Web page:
Merck (NYSE:MRK), known as MSD outside the United States and Canada, today announced that the U.S. Food and Drug Administration (FDA) has accepted for review the Biologics License Application (BLA) for MK-3475, Merck's investigational anti-PD-1 antibody, for the treatment of unresectable or metastatic melanoma in patients who have been previously treated with ipilimumab. The FDA granted Priority Review designation with a PDUFA date of October 28, 2014, and the MK-3475 BLA will be reviewed under the FDA's Accelerated Approval program. The FDA previously granted MK-3475 Breakthrough Therapy designation for advanced melanoma, the most dangerous type of skin cancer. If approved by the FDA, MK-3475 has the potential to be the first anti-PD-1 antibody in a new class of immune checkpoint modulators.
Merck also announced it plans to file a Marketing Authorization Application for MK-3475 in Europe for advanced melanoma by the end of 2014.
"Patients with advanced melanoma have few therapeutic options and often fail to respond to all available treatments," said Dr. Roger M. Perlmutter, president, Merck Research Laboratories. "We are hopeful that the FDA, through their priority review of our application, will agree to make MK-3475 available to patients with advanced melanoma who have no other therapeutic options."
MK-3475 Development Ongoing in 30 Tumors, as Monotherapy and in Combination
Today, Merck highlighted progress on the advancement of the MK-3475 development program - currently ongoing in 30 tumor types as monotherapy and in combination. It is anticipated that by the end of 2014, the MK-3475 development program will grow to more than 24 clinical trials across 30 different tumor types, enrolling an estimated 6,000 patients at nearly 300 clinical trial sites worldwide, including four new Phase 3 studies. Ongoing and planned late-stage monotherapy and combination studies include:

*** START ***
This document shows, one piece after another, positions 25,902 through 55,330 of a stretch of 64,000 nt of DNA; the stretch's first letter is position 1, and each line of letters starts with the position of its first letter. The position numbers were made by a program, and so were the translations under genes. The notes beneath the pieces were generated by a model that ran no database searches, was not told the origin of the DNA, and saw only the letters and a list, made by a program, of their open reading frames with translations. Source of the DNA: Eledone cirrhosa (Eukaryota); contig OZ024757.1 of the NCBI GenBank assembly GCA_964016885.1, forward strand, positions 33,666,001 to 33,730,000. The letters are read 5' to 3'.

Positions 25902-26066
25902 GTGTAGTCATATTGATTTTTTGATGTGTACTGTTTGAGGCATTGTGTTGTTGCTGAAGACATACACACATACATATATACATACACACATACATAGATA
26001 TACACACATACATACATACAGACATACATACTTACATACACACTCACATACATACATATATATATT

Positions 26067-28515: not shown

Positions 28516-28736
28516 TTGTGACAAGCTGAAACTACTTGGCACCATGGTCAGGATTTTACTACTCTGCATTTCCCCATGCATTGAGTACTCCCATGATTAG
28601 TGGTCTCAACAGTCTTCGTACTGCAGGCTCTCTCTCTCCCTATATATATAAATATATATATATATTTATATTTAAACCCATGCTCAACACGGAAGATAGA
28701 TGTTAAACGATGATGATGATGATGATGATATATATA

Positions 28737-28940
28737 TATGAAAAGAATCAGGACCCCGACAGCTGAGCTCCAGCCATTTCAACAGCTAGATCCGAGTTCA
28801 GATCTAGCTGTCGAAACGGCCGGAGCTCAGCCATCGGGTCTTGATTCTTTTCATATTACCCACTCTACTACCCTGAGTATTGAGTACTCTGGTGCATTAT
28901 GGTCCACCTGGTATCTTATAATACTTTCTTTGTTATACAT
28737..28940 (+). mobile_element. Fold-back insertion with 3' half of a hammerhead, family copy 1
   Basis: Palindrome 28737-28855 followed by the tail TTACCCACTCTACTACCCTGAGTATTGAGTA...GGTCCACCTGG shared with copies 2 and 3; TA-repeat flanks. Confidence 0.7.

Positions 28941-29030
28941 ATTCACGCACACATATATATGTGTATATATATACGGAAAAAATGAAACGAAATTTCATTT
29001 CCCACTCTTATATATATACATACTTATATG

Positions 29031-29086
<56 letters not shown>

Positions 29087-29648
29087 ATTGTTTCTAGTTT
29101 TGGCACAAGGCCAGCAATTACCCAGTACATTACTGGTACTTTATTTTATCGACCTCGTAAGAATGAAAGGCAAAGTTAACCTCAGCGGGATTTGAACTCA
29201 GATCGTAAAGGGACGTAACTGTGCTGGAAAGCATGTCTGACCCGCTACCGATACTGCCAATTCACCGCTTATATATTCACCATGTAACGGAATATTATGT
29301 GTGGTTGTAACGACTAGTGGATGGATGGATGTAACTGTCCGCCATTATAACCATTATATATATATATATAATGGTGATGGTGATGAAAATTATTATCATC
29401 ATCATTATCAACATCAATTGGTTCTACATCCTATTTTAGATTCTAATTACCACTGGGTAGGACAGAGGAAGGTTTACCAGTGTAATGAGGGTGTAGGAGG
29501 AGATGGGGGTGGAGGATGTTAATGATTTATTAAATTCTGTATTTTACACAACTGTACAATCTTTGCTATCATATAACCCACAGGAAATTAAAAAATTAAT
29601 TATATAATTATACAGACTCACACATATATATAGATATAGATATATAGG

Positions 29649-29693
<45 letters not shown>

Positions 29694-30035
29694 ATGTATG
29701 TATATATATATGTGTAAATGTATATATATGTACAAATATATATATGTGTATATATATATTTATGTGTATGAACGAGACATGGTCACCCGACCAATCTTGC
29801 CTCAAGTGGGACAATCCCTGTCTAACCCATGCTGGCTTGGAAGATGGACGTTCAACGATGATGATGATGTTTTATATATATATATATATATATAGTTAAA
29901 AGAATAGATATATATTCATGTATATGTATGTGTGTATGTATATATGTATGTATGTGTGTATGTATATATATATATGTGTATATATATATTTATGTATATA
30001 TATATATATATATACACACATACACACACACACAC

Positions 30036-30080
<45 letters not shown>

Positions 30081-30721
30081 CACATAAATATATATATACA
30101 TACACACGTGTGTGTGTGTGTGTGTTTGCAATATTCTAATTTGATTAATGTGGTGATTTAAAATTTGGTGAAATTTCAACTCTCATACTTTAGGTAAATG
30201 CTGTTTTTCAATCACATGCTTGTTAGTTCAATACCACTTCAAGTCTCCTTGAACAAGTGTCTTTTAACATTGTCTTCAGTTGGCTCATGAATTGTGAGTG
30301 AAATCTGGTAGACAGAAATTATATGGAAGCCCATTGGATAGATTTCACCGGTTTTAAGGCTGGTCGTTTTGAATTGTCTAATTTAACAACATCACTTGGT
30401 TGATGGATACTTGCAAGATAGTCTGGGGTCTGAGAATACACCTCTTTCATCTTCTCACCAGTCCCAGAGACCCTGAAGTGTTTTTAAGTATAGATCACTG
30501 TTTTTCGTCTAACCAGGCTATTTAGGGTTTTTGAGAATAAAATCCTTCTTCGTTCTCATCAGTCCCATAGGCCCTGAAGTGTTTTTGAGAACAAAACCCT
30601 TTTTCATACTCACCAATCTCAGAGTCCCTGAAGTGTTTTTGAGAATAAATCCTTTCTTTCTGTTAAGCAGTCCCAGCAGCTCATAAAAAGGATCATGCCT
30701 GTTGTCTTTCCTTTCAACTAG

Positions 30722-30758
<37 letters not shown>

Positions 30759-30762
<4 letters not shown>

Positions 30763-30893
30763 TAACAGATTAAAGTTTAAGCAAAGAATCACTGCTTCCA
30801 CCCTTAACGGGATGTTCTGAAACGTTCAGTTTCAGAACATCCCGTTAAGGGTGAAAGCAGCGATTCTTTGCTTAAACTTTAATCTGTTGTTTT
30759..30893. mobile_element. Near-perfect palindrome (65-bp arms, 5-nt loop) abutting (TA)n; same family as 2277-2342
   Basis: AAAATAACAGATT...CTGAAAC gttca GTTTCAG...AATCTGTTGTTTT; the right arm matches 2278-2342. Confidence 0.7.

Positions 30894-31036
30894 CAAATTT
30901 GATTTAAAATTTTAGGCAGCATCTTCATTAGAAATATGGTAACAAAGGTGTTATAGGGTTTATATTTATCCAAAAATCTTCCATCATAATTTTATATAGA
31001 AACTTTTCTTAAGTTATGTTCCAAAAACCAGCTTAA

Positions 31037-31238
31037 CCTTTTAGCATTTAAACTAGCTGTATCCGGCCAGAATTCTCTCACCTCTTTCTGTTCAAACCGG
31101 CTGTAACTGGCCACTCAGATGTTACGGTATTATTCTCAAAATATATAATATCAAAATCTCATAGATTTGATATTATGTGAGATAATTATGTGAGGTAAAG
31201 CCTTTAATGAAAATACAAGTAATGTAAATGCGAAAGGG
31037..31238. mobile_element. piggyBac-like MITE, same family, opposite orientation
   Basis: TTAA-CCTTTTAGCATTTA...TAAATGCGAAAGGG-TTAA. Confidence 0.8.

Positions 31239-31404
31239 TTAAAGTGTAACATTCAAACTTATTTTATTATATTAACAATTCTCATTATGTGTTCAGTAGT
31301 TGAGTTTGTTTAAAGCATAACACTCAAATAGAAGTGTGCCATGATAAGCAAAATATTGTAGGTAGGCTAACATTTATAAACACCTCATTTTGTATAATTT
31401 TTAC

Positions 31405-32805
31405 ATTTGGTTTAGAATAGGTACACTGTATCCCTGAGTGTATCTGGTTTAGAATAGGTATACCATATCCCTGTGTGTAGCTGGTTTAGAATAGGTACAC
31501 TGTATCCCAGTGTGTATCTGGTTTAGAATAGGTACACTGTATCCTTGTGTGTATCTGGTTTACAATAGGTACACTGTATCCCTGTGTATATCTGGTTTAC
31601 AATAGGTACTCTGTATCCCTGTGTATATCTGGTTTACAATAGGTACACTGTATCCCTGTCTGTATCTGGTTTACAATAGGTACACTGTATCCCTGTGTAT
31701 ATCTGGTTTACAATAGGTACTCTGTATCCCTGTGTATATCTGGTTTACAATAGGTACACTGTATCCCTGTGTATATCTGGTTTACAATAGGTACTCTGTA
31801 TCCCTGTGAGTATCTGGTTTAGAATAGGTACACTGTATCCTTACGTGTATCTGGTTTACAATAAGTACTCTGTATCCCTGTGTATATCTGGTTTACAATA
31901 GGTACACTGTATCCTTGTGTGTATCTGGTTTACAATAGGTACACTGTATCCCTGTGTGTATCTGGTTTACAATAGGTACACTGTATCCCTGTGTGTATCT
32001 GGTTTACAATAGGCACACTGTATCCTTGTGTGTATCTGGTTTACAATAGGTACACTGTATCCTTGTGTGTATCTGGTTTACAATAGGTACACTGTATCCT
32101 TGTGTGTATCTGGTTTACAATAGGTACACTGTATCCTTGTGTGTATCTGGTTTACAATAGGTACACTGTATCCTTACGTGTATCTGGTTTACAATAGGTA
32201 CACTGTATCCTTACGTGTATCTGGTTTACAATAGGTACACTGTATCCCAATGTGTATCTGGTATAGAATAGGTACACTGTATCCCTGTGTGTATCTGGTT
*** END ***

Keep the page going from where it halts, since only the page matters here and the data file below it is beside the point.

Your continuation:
- Seven Phase 3 registrational trials spanning advanced melanoma (adjuvant, ipilimumab-naïve, and ipilimumab-refractory), advanced non-small cell lung cancer (NSCLC) (previously-treated and previously-untreated), advanced head & neck cancer and advanced bladder cancer; and,
- Ten combination studies, including advanced melanoma, advanced NSCLC, advanced renal cell carcinoma, HER2+ breast cancer and other solid tumors.
Merck also said today that based on encouraging preclinical data, it plans to initiate a Phase 1 dose-ranging study with its investigational anti-GITR agonistic antibody, MK-4166, in patients with advanced malignances. GITR (glucocorticoid-induced TNFR receptor) is an activating immune checkpoint receptor, which is believed to stimulate immune activity against cancer cells. This will be the second investigational immune checkpoint antibody within Merck's immuno-oncology discovery program to enter clinical development.
Dr. Perlmutter added, "Our priority is advancing breakthrough immunomodulatory molecules that reveal the ability of the immune system to eliminate cancer cells. While MK-3475 provides a firm foundation for Merck's research and development strategy in oncology, we are also advancing a broad pipeline of immune checkpoint agonists and antagonists."
MK-3475 Presentations at 2014 ASCO Annual Meeting
At the 2014 American Society of Clinical Oncology (ASCO) Annual Meeting, Merck will have more than 15 company-sponsored abstracts on MK-3475, including six oral presentations. Clinical data will be presented from studies in advanced melanoma, advanced NSCLC, as well as advanced head & neck cancer, which is the first time data for MK-3475 will be presented in this cancer type.